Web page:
[Histonet] Polymerizing large MMA blocks

Gayle Callis gayle.callis <@t> bresnan.net
Fri Dec 5 17:11:42 CST 2008


I learned this trick from several of my expert bonehead colleagues who worked with some huge bone blocks in MMA.  Be prepared to spend time doing this however.    

It is a called the "layering" technic, but it prevents an explosion of bubbles when the MMA suddenly decides to polymerize.  

You can use prepolymerized layers, and we used Rubbermaid square plastic containers with snap top lids or Nalgene very wide mouth bottles/jars that have external threads for the white lid.    

Making prepolymerized layers is a good way to reuse your last MMA infiltration mixture waste.  You can make the layers after embedding.  It is important at any time to put a lid on top of your containers when making prepolymerized layers or when performing the layering technic.  You must maintain the proper mixture balance or the monomer evaporates, leaving behind a seemingly properly polymerized plastic which in fact is not the case.  You will end up with an ugly depressed surface that is funky looking, not a good thing to have happen and lousy as flat surface on which to lay your sample.  

Layering Embedding: 

Add approximately a half inch a to 3/4 of an inch of embedding mixture to the prepolymerized layer, place bone on top of this, and seal with lid.  Stack inside a hood at RT.  This embedding mixture should be polymerized before you add another layer of embedding mixture, so it may take several days to layer, polymerize, layer, polymerize, etc until you are finished.   Buy a cheap metal cooking spoon or use a wooden tongue depressor to scoop i.e. baste MMA over the top of bone. Replace the lid, and be patient.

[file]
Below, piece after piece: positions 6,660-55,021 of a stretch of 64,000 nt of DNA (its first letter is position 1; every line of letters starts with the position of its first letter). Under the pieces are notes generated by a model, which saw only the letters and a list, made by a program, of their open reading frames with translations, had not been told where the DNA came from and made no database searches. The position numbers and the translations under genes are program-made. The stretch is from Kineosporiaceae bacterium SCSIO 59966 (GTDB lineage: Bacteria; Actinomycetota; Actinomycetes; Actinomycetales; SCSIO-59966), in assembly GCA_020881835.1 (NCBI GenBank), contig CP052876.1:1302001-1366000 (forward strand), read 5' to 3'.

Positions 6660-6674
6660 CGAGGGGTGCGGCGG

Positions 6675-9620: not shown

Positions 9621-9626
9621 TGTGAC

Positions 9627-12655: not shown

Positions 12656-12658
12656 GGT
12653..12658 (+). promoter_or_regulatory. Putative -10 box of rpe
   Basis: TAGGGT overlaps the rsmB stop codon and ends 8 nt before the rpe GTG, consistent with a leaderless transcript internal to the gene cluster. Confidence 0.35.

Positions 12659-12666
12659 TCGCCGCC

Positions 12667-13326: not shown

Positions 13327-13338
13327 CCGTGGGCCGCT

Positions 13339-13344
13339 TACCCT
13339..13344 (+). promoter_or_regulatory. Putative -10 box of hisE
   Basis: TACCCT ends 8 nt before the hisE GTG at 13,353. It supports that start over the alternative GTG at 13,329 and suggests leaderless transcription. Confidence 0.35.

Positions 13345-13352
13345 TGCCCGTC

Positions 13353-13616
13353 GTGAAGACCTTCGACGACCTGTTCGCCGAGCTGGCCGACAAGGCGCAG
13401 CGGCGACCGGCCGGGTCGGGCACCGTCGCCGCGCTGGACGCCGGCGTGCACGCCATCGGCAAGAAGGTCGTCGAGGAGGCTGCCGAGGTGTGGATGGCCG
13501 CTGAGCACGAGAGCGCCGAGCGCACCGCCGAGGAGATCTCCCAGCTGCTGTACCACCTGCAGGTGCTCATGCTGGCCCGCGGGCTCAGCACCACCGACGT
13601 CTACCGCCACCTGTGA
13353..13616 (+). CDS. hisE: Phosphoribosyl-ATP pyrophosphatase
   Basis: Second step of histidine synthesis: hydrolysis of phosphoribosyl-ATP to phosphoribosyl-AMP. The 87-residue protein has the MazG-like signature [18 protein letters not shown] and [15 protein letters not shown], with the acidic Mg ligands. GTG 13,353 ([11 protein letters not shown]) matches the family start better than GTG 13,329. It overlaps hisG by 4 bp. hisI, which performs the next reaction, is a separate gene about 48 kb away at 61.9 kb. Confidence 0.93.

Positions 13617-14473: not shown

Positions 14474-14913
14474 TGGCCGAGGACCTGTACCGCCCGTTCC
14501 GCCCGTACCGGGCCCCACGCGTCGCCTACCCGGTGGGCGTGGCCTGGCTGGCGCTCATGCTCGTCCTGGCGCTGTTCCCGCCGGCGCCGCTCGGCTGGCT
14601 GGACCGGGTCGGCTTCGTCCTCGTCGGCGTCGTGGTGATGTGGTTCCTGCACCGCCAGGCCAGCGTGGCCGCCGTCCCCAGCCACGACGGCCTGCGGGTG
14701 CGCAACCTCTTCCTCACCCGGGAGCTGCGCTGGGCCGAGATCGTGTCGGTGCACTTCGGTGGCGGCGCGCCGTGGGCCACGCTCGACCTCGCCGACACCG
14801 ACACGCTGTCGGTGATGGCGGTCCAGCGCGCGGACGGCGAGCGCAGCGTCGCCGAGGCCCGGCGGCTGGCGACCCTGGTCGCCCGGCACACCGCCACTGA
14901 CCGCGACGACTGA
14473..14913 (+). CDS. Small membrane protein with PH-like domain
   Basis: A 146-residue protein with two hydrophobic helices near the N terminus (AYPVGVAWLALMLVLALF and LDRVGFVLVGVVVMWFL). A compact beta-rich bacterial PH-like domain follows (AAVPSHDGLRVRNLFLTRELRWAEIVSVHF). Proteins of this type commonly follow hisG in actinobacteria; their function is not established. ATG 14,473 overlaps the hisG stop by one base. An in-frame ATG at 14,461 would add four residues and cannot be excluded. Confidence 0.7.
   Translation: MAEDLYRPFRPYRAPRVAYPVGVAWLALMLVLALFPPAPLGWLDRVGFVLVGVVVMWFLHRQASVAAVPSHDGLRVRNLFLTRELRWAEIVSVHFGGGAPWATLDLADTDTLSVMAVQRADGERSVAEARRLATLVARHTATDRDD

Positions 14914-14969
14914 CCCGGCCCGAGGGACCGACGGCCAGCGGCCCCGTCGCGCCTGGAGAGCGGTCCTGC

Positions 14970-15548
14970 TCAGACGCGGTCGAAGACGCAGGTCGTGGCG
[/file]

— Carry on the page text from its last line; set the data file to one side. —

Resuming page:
The bone sometimes turns white due to exposure to the air or whatever but this is prevented by the described "basting" the bone a several times, daily or more - to coat it with the MMA embedding mixture.  MMA in large quantities is touchy and really dislikes extra heat.  Polymerization will slow if put in refrigerator (not good due to no fume control).  Don't worry about adding non-polymerized plastic to the prepolymerized layer, as there is a smooth interface caused by the monomer dissolving a few mm of the pre- polymermized MMA.   This is ideal since it forms a very tight bond after polymerization.   

You will see the differences in the layers as they polymerize, but if you add heat, a horrible mass of polymerized bubbles occurs, which means you have to grind the bubbles away and reembed the infiltrated bone.  Been there, done that, and had to close a door due to inappropriate word usage shocking to my fellow workers. 

Your embedding mixture does not have to be made up daily, and make up no more than 500 mls at a time, but store in a tightly sealed bottle, in the refrigerator, and use it within 7 days. 

Always warm the MMA to RT before adding to the embedded bone - you must avoid water condensation contamination.  We have blocks where some of the bone sticks out of the top of block, and it is coated with MMA, and without sample turning white. The block is perfecty clear, like a museum display piece.   The screw top lid was the best method to prevent spills.  I stacked containers up in the hood (always left ON) for both bone embedding/polymerization and making prepolymerized layers.  

After you are finished with embedding, make sure the top layer is above the bone unless you don't need that part of sample, and put the block in 60C oven for an hour or so to cure.  You will smell the toxic fumes, so be very careful - the refrig should be vented into a hood or in the hood.  Avoid a slightly tacky, sticky top block going into 60C - it will bubble at that part of layer.  

We did a baby alligator head along with some other large bovine and goat bone, and it took close to a month or longer,  but we were ultimately very patient and had perfectly clear embedded sample.   There is no STAT work when dealing with large bone in MMA.  

My favorite MMA mixture came from Diane Sterchi, and I never had problems after I started using her mixture and the layering method.  I would be happy to send that procedure to you if you like. Her mixture contained prepolymerized PMMA powder which helped the polymerization get started.   I will be off Histonet after this message, so respond to my personal email address

Gayle M. Callis

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